I have a terrible little habit when writing short texts that I’m planning to use online, like forum posts or blog posts. I open up a raw text editor and type away until my text is finished. My editor is gedit — that would be closest to Notepad for you Windows users and who knows what for those of you off in Mac land, but I’ll bet it cost you an arm and a leg. Anyway, the editor isn’t the point. The point is that I’m guilty of breaking one of the cardinal rules of working on a computer: Save your work frequently!
That’s correct, while working on a draft of a blog post, I managed to accidentally close my editor without saving by mistaking it for another file I had open at the same time. I only had a couple of short paragraphs written, so it could have been much worse, but it was still outrageously annoying because I had already done a bit of editing and was just getting those paragraphs to sound the way I wanted.
I never do that with important files, mind you. Only small, personal texts that don’t really rank highly on the importance scale. In fact, I can’t even remember the last time I lost work because of a neglectful attitude towards saving; I must have been in elementary school. I’m usually very cautious about stuff like that.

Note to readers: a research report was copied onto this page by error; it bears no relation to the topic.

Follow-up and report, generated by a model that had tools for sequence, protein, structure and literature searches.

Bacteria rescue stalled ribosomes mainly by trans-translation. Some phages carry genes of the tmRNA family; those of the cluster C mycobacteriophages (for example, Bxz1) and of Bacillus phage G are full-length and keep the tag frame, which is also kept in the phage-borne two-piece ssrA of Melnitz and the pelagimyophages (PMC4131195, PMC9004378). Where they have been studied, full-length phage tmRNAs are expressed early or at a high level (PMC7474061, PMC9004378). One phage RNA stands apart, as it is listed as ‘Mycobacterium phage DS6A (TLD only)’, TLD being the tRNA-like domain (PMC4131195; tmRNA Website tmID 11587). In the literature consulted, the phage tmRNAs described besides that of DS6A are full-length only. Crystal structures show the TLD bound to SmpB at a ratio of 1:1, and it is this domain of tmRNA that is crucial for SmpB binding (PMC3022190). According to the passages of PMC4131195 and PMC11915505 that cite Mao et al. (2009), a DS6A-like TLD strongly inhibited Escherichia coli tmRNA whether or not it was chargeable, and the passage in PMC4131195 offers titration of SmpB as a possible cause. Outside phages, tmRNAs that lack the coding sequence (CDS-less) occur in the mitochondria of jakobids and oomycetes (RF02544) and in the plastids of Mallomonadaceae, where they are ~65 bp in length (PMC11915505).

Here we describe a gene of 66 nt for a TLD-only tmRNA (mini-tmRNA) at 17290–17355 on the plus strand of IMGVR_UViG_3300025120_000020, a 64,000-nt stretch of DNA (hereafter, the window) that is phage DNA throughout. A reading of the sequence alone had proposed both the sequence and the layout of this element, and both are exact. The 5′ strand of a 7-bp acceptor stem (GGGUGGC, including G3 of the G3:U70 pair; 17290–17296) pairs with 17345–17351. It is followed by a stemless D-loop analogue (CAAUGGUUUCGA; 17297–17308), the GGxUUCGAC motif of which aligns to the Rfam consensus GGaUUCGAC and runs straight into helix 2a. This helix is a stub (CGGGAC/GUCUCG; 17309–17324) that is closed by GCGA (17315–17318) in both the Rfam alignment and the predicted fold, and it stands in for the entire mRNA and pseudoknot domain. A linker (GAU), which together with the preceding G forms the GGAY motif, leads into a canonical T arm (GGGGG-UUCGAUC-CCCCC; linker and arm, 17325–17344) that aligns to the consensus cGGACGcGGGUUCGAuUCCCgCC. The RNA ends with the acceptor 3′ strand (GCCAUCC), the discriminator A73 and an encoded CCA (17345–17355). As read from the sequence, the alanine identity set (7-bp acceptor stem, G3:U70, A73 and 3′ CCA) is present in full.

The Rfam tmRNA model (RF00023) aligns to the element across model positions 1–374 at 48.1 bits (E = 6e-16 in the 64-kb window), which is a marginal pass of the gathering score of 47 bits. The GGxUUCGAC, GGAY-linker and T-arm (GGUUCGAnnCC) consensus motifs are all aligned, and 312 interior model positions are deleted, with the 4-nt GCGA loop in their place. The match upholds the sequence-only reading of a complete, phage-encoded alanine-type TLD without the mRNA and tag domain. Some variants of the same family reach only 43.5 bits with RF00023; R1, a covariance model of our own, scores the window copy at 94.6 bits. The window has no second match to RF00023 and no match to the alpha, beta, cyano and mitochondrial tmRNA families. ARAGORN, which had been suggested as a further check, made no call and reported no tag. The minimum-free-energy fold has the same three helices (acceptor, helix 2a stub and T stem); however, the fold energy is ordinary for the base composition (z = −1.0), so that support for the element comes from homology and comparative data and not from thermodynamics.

Let my loss be your lesson! Save your work often, lest it be forever lost in the green, electrical reaches of cyberspace.
Back to the lost text for just a moment. Even after closing the editor, it just ticked me off even more to know that my paragraphs were probably still floating around in RAM somewhere. Had I really wanted the work back, I’m sure there would have been a way to dump the memory so that I could search through it, but I’m not sure offhand, and after researching a way to do it . . . the memory probably would have gotten overwritten anyway! Sort of a catch-22.